The increase in the number of over-the-counter products that claim to have "tooth-whitening" properties, and the emergence of new treatment methods directly available to the public, give rise to a number of questions.
This definition, given in the European Council Cosmetics Directive 76/768/EEC, equates with the claims of a range of tooth bleaching products. The Directive defines the composition, labelling and packaging regulations applicable to cosmetics, and very clearly distinguishes cosmetics from medical devices.
Annex III of the Directive provides the “list of substances that cosmetic products
It is these rules that the United Kingdom puts forward to forbid the importation, selling or distribution on its market of any products that contain or may releasemust not contain except subject to the restrictions and conditions laid down” for each category of product. The list includes "hydrogen peroxide, and other compounds or mixtures that release hydrogen peroxide, including carbamide peroxide and zinc peroxide”. The maximum hydrogen peroxide concentration currently authorised for cosmetics is "0.1% of H2O2, present or released". There are no requirements for specific conditions for use or particular warnings to be printed on the label. more than 0.1% hydrogen peroxide, which the UK refuses to recognise as medical devices. However, the local authorities (Department of Trade and Industry, Department of Health) seek amendments to Directive 76/768/EEC so that British practitioners may meet their patients' demands (Morris, 2003).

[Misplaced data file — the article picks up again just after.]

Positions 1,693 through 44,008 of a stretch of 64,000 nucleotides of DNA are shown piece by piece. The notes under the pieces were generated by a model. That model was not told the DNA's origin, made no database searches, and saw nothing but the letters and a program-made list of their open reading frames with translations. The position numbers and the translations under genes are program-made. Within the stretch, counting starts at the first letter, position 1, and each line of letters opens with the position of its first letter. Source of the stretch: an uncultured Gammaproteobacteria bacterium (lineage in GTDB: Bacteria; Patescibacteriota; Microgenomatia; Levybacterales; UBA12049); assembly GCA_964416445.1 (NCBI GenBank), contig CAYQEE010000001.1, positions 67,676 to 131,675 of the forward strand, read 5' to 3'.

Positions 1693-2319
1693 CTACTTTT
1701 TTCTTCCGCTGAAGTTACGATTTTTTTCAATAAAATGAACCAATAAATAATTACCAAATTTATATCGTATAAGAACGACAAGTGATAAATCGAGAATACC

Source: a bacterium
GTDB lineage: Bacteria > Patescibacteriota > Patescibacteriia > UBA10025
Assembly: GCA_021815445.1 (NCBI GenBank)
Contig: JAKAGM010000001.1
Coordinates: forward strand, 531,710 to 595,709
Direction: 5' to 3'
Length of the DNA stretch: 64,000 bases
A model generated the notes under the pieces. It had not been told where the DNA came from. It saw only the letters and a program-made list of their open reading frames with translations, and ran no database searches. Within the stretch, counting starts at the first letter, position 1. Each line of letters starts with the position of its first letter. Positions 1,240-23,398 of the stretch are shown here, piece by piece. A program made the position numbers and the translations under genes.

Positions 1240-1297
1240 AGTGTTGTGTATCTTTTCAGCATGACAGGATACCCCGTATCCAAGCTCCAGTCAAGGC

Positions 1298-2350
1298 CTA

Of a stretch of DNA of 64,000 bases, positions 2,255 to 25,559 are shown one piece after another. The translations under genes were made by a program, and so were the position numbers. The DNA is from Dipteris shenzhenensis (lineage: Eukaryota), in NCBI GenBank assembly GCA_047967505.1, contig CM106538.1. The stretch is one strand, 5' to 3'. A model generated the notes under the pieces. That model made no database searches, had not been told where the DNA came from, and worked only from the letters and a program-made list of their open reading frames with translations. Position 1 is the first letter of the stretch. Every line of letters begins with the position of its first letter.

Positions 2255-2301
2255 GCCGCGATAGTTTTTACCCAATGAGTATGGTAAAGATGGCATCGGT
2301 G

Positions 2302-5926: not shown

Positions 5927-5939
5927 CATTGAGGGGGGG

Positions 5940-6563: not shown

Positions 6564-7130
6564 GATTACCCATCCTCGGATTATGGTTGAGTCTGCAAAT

As for the few products that do contain a bleaching agent, the limited active compound concentrations imposed by law make their therapeutic efficacy questionable. It is impossible from the documentation provided to have a clear view on this matter, as there are always many significant biases (patient selection criteria, absence of test group, objectivity of measures...).that claim to have tooth-whitening properties, including certain toothpastes (Table 5), rarely contain hydrogen peroxide or one of its precursors, or even for that matter any other kind of bleaching agent. Their main whitening effect results from the action of the abrasive elements they contain, which remove superficial extrinsic stains. Some manufacturers take the precaution of reassuring their customers on the safety of their products and insist on their low abrasiveness. Unfortunately, this point is difficult to prove from the various documents available, as the abrasive power of the products in question is rarely indicated. "New generation" toothpastes do however seem to contain cleaning agents that do not increase their abrasiveness. Nevertheless, in view of the lack of information available, it is advisable to use these toothpastes in alternation with less abrasive ones, as the regular use of a highly abrasive toothpaste may cause a roughening of the tooth surface that will encourage the deposition of new pigments (Clergeau-Guérithault et al., 2002).